You could say life settlements–the mechanism through which people sell their unneeded life insurance policies to third parties–present a good-news, bad-news scenario. It appears the good news is outweighing the bad. And that’s particularly good news for you.
But first, the bad news: Life settlements’ reputation has taken some hits from life insurers that have left some bruises. Christopher Kampa, director of research and project development at Insurance Studies Institute, a non-profit think tank on insurance-based risk management, says insurers see life settlements as a threat to their profits, so they’ve gone on the offensive.
“It’s easy for detractors to paint life settlements as a ghoulish investment, primarily because investors receive a death benefit when the insured dies,” Kampa says.
And he says insurers are working to align legitimate life settlements with stranger-originated life insurance (STOLI). While a life settlement is a legal sale of a life insurance policy, STOLI involves a third party who persuades someone to take out a life insurance policy just to sell it.
“The life settlement industry is strongly opposed to this type of transaction,” Kampa says.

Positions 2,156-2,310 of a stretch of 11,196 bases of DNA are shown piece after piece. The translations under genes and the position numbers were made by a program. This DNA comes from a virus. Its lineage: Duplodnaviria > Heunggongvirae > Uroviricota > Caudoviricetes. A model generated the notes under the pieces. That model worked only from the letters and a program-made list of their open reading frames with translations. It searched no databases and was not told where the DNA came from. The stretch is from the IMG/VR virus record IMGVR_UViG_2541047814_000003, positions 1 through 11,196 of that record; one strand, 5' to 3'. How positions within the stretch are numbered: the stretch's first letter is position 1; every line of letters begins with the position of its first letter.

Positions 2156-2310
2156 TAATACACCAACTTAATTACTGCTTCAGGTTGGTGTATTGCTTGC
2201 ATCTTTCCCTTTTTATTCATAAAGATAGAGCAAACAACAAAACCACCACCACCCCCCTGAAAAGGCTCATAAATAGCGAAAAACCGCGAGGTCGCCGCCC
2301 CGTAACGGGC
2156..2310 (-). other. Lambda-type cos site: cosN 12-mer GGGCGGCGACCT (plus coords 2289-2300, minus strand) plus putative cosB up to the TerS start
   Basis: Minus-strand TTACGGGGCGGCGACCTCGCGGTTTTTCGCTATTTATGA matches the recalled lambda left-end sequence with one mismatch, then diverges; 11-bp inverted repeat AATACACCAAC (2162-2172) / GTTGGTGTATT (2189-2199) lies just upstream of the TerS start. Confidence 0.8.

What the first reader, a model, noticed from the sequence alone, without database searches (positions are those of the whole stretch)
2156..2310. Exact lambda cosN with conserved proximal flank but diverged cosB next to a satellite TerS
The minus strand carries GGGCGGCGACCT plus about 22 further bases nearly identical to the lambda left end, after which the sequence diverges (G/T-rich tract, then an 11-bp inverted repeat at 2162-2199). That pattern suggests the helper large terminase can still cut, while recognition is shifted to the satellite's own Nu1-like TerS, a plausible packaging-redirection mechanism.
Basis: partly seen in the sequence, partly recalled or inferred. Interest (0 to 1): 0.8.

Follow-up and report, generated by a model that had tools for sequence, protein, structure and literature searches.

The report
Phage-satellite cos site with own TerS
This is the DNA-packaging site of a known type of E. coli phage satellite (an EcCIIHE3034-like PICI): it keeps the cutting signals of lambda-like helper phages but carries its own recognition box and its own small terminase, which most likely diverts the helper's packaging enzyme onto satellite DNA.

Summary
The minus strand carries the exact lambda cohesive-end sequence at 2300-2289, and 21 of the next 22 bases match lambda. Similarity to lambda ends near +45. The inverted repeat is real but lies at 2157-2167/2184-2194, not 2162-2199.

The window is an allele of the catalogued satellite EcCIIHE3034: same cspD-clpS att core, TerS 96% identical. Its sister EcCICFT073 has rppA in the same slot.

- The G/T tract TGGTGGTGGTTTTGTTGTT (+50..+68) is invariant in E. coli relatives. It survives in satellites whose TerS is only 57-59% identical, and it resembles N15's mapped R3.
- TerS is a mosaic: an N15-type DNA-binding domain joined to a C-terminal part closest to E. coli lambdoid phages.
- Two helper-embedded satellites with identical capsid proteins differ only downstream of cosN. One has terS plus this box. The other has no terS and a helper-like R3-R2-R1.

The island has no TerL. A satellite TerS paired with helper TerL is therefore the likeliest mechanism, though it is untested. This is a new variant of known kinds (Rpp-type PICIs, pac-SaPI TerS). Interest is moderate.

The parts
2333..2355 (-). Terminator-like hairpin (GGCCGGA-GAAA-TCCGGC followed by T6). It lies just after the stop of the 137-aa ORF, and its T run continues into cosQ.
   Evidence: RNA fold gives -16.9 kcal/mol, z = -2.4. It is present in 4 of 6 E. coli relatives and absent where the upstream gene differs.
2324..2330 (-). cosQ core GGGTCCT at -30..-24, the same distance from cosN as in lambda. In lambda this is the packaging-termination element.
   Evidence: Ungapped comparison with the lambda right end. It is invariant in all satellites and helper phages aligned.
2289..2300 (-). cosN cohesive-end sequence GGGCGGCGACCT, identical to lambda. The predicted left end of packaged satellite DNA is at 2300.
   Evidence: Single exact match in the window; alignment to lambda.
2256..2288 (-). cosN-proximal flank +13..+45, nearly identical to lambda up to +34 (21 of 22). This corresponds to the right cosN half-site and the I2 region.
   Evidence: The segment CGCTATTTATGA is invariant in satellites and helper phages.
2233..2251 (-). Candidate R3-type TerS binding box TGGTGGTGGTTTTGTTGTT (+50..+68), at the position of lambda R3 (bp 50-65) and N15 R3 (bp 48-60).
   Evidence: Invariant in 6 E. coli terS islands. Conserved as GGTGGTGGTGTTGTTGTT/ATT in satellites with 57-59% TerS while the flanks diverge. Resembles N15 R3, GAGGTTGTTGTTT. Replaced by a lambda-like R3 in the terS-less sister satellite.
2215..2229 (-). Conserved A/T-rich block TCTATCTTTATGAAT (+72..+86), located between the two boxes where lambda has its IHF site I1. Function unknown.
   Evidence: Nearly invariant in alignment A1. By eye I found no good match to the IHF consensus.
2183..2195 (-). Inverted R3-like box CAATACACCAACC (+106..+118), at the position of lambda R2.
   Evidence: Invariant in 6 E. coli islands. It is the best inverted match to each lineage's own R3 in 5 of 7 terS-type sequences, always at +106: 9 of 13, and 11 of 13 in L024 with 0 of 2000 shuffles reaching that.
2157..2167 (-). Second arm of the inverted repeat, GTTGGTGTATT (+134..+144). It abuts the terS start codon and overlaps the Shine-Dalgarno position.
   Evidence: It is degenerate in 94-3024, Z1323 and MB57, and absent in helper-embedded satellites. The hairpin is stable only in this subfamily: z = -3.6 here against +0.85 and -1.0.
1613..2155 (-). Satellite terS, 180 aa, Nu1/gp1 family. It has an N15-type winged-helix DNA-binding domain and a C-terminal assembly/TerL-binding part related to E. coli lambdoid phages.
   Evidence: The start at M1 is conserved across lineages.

Some good news
Despite the attacks, Kampa and other experts say there’s plenty of good news. Not only for policy holders and financial advisors but even for the insurance companies themselves.
Michael Leibowitz, president and CEO of Invescor, a life settlement brokerage services company in Farmington Hills, Mich., says life settlements could increase the sales of life insurance and that life settlements represent an additional option that adds flexibility to the life insurance sale.
Kampa adds that life settlements actually increase the value of life insurers’ products to seniors. “This value is derived from a senior’s option to sell their policy when it no longer fits their needs,” he says.
And at a fundamental level, Kampa believes life settlements are as legitimate as any other investments and that they share many of the same economics as pension funds, life insurers, annuity writers or long term care providers.